"It is ever the ambitious way of youthful genius to aim at novelty of form in its first essays, while yet in treatment it falls unconsciously into a vein of reminiscence; afterward it is apt to return to established forms, and to show originality of treatment."

The temptation which too easily besets an editor of Shakspeare is to differ, if possible, from everybody who has gone before him, though but as between the N.E. and N.N.E. points in the circumference of a hair. We do not find Mr. White guilty in this respect for what he has done, but sometimes for what he has left undone in allowing the Folio text to remain. The instance that has surprised us most is his not admitting (As You Like it, Act iv. Sc. 1) the reading,—"The foolish coroners of that age found it was Hero of Sestos," instead of the unmeaning one, "chroniclers." He has been forced, for the sake of sense, to make some changes in the Folio text which seem to us quite as violent, and we cannot help thinking that the gain in aptness of phrase and coherence of meaning would have justified him in doing as much here. He admits, in his note on the passage, that the change is "very plausible"; but adds, "If we can at will reduce a perfectly appropriate and uncorrupted word of ten letters to one of eight, and strike out such marked letters as h, l, and e, we may re-write Shakspeare at our pleasure." Mr. White has already admitted that "chroniclers" is not perfectly appropriate in admitting that the change is "very plausible"; and he has no right to assume that the word is uncorrupted,—for that is the very point in question. As to the disparity in the number of letters, no one familiar with misprints will be surprised at it; and Mr. Spedding, in the edition of Bacon already referred to, furnishes us with an example of blunder[E] precisely the reverse, in which one word of eight letters is given for two of ten, (sciences for six princess,)—the printer in both cases having set up his first impression of what the word was for the word itself. Had this occurred in Shakspeare, instead of Bacon, we should have had a series of variorum notes like this:—

[Footnote E: Bacon's Works, by Ellis, Spedding, & Heath. Vol. III. p. 303, note.]

"That sixpence was the word used by our author scarcely admits of doubt. From a number of parallel passages we select the following:—

'Live on sixpence a day, and earn it.'—Abernethy.

'I give thee sixpence? I will see thee and-so-forthed first!'—Canning.

'Be shot for sixpence on a battlefield.'—Tennyson.

'Half a crown, two shillings and sixpence.'—Niemand's Dictionary.

Moreover, we find our author using precisely the same word in the
'Midsummer Night's Dream':—

'Thus hath he lost sixpence a day during his life.'" JONES.

"Had the passage read 'two princes,' we might have thought it genuine; since 'the two kings of Brentford' must have been familiar to our great poet, and he was also likely to have that number deeply impressed on his mind by the awful tragedy in the tower, (see Richard the Third,) where, it is remarkable, precisely that number of royal offspring suffered at the hands of the crook-backed tyrant. The citation from Niemand's Dictionary, by the Rev. Mr. Jones, tells as much in favor of two princes as of sixpence; for how could the miseries of a divided empire be more emphatically portrayed than in the striking, and, as it seems to me, touching phrase, HALF a crown? Could we in any way read 'three princes,' we should find strong support in the tradition of 'the three kings of Cologne,' and in the Arabian story of the 'Three Calenders.' The line quoted by Thomson, (Shakspeare, by Thomson, Vol. X. p. 701.) 'Under which King Bezonian, speak or die!' (though we agree with him in preferring his pointing to the ordinary and meaningless 'Under which King, Bezonian,' etc.) unhappily can throw no light on the present passage till we know how many King Bezonians are intended, and who they were. Perhaps we should read Belzonian, and suppose a reference to the Egyptian monarchs whose tombs were first explored by the intrepid Belzoni. The epithet would certainly be appropriate and in Shakspeare's best manner; but among so many monarchs, a choice of two, or even three, would be embarrassing and invidious." BROWN.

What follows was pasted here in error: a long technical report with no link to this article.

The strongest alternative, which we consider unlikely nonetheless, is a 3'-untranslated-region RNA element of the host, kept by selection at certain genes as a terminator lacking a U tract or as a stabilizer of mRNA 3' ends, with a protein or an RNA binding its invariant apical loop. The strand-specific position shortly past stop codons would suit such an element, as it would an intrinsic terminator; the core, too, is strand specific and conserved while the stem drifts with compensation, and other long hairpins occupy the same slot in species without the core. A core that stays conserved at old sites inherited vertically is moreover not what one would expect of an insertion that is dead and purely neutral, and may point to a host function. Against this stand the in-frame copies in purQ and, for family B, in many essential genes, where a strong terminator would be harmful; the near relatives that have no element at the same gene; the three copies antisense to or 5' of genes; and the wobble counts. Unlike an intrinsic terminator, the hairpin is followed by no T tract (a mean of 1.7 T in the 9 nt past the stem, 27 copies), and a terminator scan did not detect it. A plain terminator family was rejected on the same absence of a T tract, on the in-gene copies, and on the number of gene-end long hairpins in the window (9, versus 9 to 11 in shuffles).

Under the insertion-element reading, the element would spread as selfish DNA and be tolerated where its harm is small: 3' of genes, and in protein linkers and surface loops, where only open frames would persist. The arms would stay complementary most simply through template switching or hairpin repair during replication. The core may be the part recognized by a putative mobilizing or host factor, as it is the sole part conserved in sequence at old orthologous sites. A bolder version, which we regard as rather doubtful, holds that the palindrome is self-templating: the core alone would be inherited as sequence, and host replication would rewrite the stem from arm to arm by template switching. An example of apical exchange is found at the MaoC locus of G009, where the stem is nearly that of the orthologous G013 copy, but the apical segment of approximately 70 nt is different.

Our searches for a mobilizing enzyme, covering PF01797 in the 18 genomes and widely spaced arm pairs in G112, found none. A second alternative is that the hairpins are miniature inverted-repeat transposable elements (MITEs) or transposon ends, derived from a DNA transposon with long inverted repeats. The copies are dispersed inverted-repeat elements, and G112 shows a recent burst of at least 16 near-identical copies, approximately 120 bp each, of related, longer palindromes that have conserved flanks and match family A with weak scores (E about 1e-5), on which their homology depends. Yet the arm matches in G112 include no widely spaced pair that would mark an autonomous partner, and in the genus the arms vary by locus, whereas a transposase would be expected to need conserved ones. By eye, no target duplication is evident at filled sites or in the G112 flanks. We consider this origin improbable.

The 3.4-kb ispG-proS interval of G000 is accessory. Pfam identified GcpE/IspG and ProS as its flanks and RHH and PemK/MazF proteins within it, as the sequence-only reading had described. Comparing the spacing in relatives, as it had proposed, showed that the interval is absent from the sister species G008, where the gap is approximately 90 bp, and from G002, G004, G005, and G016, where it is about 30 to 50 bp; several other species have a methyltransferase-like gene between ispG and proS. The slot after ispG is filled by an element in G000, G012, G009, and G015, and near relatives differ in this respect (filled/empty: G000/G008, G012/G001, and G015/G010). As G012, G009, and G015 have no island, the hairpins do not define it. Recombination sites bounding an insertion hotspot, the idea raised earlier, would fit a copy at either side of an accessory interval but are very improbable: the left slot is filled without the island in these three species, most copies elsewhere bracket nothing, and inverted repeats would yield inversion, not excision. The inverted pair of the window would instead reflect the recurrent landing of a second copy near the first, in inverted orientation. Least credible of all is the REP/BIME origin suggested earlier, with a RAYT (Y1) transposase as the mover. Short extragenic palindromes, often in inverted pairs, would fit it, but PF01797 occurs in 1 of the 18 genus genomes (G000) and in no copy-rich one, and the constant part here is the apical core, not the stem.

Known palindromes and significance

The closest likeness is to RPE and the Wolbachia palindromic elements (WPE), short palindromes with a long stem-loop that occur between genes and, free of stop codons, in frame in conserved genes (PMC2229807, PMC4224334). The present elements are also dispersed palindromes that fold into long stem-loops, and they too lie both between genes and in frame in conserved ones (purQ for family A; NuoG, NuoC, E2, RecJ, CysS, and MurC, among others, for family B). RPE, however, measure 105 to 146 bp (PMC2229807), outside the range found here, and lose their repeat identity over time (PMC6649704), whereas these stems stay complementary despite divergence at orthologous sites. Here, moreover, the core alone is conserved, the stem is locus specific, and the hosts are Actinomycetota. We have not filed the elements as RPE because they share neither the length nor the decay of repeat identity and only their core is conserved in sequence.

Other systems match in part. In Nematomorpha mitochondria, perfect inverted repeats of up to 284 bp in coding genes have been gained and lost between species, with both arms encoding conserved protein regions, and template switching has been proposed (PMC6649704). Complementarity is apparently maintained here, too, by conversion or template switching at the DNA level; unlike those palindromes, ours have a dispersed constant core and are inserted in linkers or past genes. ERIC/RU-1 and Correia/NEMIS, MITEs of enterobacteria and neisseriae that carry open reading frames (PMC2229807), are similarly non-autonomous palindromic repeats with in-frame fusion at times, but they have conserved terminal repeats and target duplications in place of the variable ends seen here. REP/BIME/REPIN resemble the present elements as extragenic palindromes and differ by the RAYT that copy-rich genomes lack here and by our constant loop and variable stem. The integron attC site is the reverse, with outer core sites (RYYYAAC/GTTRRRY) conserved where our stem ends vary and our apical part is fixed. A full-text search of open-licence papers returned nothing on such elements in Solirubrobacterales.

"As for the 'Three Calenders,' there can be no reasonable question that Shakspeare was well acquainted with the story; for that he had travelled extensively in the East I have proved in my 'Essay to show that Sir Thomas Roe and William Shakspeare were identical'; and that he was familiar with the Oriental languages must be apparent to any one who has read my note on 'Concolinel' (Love's Labor's Lost, Act iii. Sc. 1). But that 'six princes' is the true reading is clear from the parallel passage in "Richard the Third," which I am surprised that the usually accurate Mr. Brown should have overlooked,—'Methinks there be Six Richmonds in the field.'" ROBINSON.

"I was at first inclined to the opinion of the late Mr. Robinson, but maturer consideration has caused me to agree with the eloquent and erudite Jones. There is a definite meaning in the word sixpence; and a similar error of the press in Lord Bacon's 'Advancement of Learning,' where the context shows that sixpences and not sciences was the word intended, leads me to suspect that the title of his opus magnum should be De Augmentis Sixpenciarum. Viewing the matter as a political economist, such a topic would have been more worthy of the Lord Chancellor of England; it would have been more in accordance with what we know of the character of 'the meanest of mankind'; and the exquisite humor of the title would tally precisely with what Ben Jonson tells us in his 'Discoveries,' under the head Dominus Verulamius, that 'his language (where he could spare or pass by a jest) was nobly censorious.' Sir Thomas More had the same proneness to merriment, a coincidence the more striking as both these great men were Lord Chancellors. A comic stroke of this description would have been highly attractive to a mind so constituted, and might easily escape the notice of a printer, who was more likely to be intent upon the literal accuracy of the Latin than on the watch for extraordinary flights of humor." SMITH.